I do this to take advantage of the larger screen and higher resolution of the Viewsonic (currently set at 1600 x 1200) since the other option available — "Dual Display Clone" — displays the same screen dimensions and resolution on both screens and uses the native (and only) settings of the laptop (1440 x 900).
Everything works just fine except for one (well two, but related) very annoying problem.
The desktop icons won't stay put and get randomly rearranged within an area the size of the notebook's desktop. I keep quite a few shortcuts on my desktop and organize them according to function, and this makes it hard to find what I'm looking for.
I've tried every conceivable configuration including moving the icons to the notebook's screen, logging off and back on to save the settings, setting and then disabling the various display sort settings, and even keeping them within this invisible 17-inch confinement.
But after coming out of screensaver mode or hibernation, they're jumbled again.
Is there any way to save these desktop icon settings and to use the area outside of the 17-inch box area for my icons? Perhaps there's a hidden setting in Vista, or a third-party utility that could handle this.
A: There's indeed a third-party utility that may solve the problem for you: Desktop Icon Save & Restore, by Jamie O'Connell. You can download a copy from http://www.midiox.com/html/desktop.htm. Thanks and a hat tip to a fellow Nerd — Gavin Weir, New South Wales, Australia, for the reference.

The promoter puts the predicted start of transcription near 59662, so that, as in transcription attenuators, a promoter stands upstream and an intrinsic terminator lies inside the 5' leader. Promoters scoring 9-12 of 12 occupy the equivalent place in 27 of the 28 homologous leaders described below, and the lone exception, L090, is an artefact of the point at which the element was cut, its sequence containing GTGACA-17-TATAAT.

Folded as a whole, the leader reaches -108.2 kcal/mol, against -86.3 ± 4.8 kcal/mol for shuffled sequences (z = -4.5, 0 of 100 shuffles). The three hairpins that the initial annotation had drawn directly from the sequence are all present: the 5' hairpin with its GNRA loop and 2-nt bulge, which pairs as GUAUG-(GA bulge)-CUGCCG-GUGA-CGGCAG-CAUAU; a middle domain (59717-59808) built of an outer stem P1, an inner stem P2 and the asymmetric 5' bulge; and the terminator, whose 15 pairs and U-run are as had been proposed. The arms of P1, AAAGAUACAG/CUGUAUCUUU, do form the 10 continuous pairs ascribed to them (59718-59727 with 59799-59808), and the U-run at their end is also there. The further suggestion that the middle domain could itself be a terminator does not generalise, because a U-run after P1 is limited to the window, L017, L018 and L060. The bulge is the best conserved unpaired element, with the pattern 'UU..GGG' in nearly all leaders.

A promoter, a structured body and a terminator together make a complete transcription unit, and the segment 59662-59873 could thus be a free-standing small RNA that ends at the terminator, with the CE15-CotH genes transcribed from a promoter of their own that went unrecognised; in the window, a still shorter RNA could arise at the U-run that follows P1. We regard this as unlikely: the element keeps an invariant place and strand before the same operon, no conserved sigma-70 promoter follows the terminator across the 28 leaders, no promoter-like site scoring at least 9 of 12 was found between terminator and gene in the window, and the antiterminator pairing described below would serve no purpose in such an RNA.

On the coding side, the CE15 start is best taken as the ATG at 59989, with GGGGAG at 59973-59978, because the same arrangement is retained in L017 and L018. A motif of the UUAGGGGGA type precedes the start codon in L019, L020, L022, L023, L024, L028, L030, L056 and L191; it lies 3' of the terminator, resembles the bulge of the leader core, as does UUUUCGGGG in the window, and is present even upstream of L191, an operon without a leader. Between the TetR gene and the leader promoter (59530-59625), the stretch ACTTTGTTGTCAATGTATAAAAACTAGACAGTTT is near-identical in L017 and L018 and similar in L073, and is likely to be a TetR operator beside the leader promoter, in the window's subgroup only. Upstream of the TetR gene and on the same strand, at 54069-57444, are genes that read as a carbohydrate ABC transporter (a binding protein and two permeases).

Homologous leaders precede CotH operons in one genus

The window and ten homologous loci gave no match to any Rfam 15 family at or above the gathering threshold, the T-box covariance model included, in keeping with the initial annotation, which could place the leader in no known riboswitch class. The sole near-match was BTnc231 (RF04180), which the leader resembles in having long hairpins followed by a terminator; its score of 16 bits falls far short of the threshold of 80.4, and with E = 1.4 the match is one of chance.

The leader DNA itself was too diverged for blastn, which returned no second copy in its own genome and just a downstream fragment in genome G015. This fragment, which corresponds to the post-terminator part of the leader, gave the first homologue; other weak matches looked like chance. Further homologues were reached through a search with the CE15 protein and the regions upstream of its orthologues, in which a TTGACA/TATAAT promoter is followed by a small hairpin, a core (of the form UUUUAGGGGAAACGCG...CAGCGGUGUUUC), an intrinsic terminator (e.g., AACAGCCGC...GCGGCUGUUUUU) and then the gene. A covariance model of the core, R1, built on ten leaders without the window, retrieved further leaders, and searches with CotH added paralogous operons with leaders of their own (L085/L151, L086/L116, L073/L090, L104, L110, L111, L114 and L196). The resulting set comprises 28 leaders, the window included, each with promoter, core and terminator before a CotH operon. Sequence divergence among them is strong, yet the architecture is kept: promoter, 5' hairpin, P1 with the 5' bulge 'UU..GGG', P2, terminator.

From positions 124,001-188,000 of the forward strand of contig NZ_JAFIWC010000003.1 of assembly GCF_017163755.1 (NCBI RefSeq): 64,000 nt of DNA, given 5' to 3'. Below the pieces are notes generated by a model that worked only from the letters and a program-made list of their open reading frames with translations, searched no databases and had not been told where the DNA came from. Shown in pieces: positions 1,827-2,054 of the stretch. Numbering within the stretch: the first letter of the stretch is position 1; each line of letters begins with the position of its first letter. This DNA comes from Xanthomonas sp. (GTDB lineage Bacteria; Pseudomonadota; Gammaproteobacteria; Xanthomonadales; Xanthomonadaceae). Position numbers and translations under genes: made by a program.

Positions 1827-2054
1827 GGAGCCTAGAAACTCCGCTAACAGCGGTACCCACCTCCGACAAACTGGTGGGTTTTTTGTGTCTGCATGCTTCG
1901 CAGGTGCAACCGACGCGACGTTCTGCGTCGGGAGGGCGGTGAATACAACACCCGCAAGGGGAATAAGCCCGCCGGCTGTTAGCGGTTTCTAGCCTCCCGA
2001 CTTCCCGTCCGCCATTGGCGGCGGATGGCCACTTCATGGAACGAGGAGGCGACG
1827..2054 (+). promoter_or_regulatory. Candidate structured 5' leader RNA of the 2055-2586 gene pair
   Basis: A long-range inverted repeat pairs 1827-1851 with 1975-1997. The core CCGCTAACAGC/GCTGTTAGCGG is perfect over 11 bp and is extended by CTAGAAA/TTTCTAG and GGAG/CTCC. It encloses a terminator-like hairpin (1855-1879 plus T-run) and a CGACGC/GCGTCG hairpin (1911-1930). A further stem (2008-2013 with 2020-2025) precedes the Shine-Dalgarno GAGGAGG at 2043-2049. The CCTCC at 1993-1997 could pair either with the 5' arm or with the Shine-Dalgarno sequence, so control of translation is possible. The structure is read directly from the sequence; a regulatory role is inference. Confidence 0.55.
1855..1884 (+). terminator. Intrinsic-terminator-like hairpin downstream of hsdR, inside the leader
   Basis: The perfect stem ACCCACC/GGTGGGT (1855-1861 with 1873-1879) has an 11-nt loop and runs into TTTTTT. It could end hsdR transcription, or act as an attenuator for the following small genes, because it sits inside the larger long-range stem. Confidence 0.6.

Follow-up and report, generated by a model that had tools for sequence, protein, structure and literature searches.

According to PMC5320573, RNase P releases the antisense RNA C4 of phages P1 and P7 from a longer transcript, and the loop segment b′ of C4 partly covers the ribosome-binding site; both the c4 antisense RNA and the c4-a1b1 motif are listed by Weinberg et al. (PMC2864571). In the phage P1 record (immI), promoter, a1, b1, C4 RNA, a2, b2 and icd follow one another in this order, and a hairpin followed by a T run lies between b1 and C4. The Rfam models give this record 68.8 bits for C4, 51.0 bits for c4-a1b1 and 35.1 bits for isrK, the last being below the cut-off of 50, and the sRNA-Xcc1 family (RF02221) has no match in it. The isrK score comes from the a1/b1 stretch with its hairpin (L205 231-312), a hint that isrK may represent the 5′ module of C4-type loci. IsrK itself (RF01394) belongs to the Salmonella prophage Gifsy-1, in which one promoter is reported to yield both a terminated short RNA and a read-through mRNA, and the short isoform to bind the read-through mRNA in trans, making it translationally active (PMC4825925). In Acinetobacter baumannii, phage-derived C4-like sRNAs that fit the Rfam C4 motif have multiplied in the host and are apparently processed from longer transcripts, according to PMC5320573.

We're From the Government, We're Here to Help!
Q: I've heard that I won't be able to watch broadcast TV next year. Apparently all TVs must be switched to digital by the end of February. Do I need to get a new TV? I can't afford cable TV. What's the government doing about this?
A: Feb. 17, 2009 is the date you're interested in. On that day, "the era of analog broadcast television in the United States will end as the nation's full power television stations complete their transition to an all-digital system." This is by federal mandate.
In a nutshell, if you get your TV signals via a roof antenna or the TV's own "rabbit ears," you'll need to buy a converter box.
Those are expected to cost $50 to $70, but you can download a coupon at http://www.dtv2009.gov to make up for most of the cost. It's $40 per coupon, and each household is eligible for two.
If you get your television programming via cable or satellite, you don't have anything to worry about.
On the other hand, if you've got one of those little portable TVs, or a boom-box style receiver that also gets television audio — well, I'm afraid I have some bad news for you.
One last bit of advice: Go out and get the converter now while there's still a good selection of makes and models. I expect there will be quite a run on these things during the first couple of weeks of February.
I received some feedback on last installment's Audacity/Audition problem, no pun intended.
If you're using an audio interface, you'll need to enable direct monitoring to hear what you're recording in same-time. I haven't worked with Audacity or Audition, but if they're like most audio programs, direct monitoring can be accessed directly on the audio track in the program. If not, you'll have to enable it in the interface's control panel.
Also: I had a similar problem with audio software, and if you adjust the buffer rate on the sound card until it matches, you should be ok. If you go too far, you'll get distortion.
Thanks, and a hat tip to Anthony in Winston-Salem and Matt (wherever you are), respectively. As always, feedback is appreciated here at Tech Q & A.
Guy R. Briggs is a member of the Nerds On Site international IT service team and is based in Los Angeles.